I have been searching for a home energy consumption monitor for a while and the majority on the market do not appear to be very good when reading reviews plus I guess the majority are made in China something as off now we should not be doing! I would like to support UK and Ireland manufacturing so as a reasonably savvy bloke would your system for a single phase consumer be suitable for me to install?
Welcome & yes (is the very short answer ).
Just consumption or Solar/Battery/EV charging etc - that will make a bit of difference to your choice. If you are not sure please ask!
Welcome, Ian, to the OEM forum.
Much depends on the detail that you don’t yet know you want, but will at some time in the future.
If all you want is a basic energy monitor that does what you could do with pencil and paper by reading your meter every 10 seconds, 24 hours a day, 7 days a week, and then plotting the graphs by hand, then an emonPi is what you want.
If you need more details - and you can get access to the cables safely, then think about that now, because the emonPi can only measure two circuits (it was designed principally to suit the UK whole-house + PV monitoring requirement).
If you do get an emonPi, then (a major plus point for many people) everything is on your premises and under your control. You’re not dependent on a manufacturer’s website to record and hold your data - then see it evaporate when they go under - or when they start to charge. (But remember, you need to do your own backups - SD cards can fail.)
Think a bit more, come back with any questions.
Just looking to record consumption but the ability to be fairly comprehensive once I understand it.
I am looking for a unit that records in real time and can download to a PC, we are trying to identify why our bills are so expensive, we used to run a small business and the costs were high due to the equipment operating but now retired completely for a year so very little equipment running but the bills very similar?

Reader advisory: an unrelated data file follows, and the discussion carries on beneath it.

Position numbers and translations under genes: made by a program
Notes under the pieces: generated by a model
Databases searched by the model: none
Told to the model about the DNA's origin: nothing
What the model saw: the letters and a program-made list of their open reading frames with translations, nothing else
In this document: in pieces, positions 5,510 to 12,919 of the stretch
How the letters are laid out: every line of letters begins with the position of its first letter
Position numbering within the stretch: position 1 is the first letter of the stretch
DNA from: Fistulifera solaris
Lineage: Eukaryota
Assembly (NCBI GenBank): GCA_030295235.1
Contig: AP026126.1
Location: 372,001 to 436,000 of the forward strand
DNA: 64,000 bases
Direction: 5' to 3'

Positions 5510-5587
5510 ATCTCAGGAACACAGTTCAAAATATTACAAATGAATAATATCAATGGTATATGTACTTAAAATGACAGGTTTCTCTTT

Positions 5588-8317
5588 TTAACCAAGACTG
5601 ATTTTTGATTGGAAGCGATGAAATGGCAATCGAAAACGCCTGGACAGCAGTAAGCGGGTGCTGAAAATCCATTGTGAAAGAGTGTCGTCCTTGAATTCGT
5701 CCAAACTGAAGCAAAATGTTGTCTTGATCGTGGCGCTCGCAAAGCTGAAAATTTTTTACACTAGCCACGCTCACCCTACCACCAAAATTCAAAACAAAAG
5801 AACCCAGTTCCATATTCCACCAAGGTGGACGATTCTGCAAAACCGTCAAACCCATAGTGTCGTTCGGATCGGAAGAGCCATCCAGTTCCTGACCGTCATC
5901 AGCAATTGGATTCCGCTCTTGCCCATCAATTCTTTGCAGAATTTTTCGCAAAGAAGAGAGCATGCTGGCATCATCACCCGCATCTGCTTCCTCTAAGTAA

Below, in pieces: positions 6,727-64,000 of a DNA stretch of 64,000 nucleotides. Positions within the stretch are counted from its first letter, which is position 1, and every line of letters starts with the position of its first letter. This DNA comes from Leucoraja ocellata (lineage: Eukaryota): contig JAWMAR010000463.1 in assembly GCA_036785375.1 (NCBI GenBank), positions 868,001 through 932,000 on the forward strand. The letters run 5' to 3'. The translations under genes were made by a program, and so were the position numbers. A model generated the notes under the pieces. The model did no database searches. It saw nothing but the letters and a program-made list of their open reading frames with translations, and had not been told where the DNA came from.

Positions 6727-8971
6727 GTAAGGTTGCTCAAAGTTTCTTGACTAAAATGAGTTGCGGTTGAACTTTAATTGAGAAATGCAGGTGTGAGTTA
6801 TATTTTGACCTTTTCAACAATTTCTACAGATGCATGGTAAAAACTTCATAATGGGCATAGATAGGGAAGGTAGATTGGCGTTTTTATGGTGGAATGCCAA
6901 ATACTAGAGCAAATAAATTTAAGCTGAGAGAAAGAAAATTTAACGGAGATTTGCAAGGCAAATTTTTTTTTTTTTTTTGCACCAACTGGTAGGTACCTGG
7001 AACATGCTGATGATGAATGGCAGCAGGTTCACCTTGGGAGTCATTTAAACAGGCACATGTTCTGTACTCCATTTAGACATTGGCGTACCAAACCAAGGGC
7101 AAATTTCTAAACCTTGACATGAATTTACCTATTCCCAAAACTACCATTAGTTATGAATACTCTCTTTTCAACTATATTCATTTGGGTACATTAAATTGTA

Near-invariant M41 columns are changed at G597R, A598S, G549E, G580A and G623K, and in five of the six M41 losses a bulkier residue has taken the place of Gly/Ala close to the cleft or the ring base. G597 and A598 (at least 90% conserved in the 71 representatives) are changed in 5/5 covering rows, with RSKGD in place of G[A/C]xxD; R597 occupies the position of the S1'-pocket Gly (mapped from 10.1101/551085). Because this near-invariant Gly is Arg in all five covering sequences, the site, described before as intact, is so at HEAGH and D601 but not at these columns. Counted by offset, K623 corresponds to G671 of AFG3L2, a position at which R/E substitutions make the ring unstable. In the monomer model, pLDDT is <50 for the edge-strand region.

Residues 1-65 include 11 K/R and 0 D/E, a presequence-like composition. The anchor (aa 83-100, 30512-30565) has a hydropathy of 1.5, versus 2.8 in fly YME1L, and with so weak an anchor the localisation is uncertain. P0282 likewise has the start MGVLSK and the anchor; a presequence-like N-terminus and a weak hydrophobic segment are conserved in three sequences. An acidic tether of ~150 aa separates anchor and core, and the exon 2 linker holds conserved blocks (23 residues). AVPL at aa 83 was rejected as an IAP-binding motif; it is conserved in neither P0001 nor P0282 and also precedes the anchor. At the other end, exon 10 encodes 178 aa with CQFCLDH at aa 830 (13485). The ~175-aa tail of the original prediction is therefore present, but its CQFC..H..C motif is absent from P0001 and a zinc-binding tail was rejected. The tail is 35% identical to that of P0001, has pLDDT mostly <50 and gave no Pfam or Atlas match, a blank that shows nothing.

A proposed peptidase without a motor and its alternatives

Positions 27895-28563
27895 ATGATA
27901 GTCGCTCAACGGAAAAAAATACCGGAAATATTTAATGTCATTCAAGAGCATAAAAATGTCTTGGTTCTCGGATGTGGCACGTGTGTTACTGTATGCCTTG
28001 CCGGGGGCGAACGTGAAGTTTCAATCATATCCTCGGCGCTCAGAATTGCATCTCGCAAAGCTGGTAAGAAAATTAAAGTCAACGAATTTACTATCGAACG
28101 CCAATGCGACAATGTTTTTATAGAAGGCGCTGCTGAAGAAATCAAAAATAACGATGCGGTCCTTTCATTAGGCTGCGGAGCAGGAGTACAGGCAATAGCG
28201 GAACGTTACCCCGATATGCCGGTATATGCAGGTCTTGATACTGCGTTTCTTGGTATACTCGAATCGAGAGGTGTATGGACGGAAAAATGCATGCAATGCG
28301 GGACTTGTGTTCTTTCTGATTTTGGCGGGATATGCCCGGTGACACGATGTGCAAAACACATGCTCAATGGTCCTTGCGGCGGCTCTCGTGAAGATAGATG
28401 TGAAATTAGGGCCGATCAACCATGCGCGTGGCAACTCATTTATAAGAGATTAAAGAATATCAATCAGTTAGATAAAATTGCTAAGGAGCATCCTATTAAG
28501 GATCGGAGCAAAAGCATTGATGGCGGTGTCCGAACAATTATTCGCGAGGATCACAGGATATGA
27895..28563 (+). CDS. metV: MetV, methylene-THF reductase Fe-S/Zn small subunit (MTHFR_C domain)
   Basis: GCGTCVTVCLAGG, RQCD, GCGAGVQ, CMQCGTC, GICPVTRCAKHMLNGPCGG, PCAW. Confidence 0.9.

Does your unit identify individual appliances or is that a bit of a sales pitch?
The emonPi will certainly do that. Actually, it presents the data as a web page on your LAN, so a PC or phone or tablet can be used to look at the numbers and the graphs.
Given enough input channels and access to the cables, we can monitor individual circuits going out of your distribution board. But automatically identifying and separating out individual appliances from their demand profile is a Holy Grail that, as far as I know, nobody has been able to achieve with anything better than a very moderate degree of reliability. We don’t measure in enough detail to be able to do that automatically. Your eye, and a knowledge of what you were doing and when, followed up by a bit of detective work, is likely to be just as effective if not better.
This is why I asked about what you needed now and what you thought you might need in the future. You can add an emonTx to the set-up at any time - that would give you the 2 channels in the emonPi plus 4 in each emonTx you add, but if you know exactly what you might need in total, that might not be the most economical route.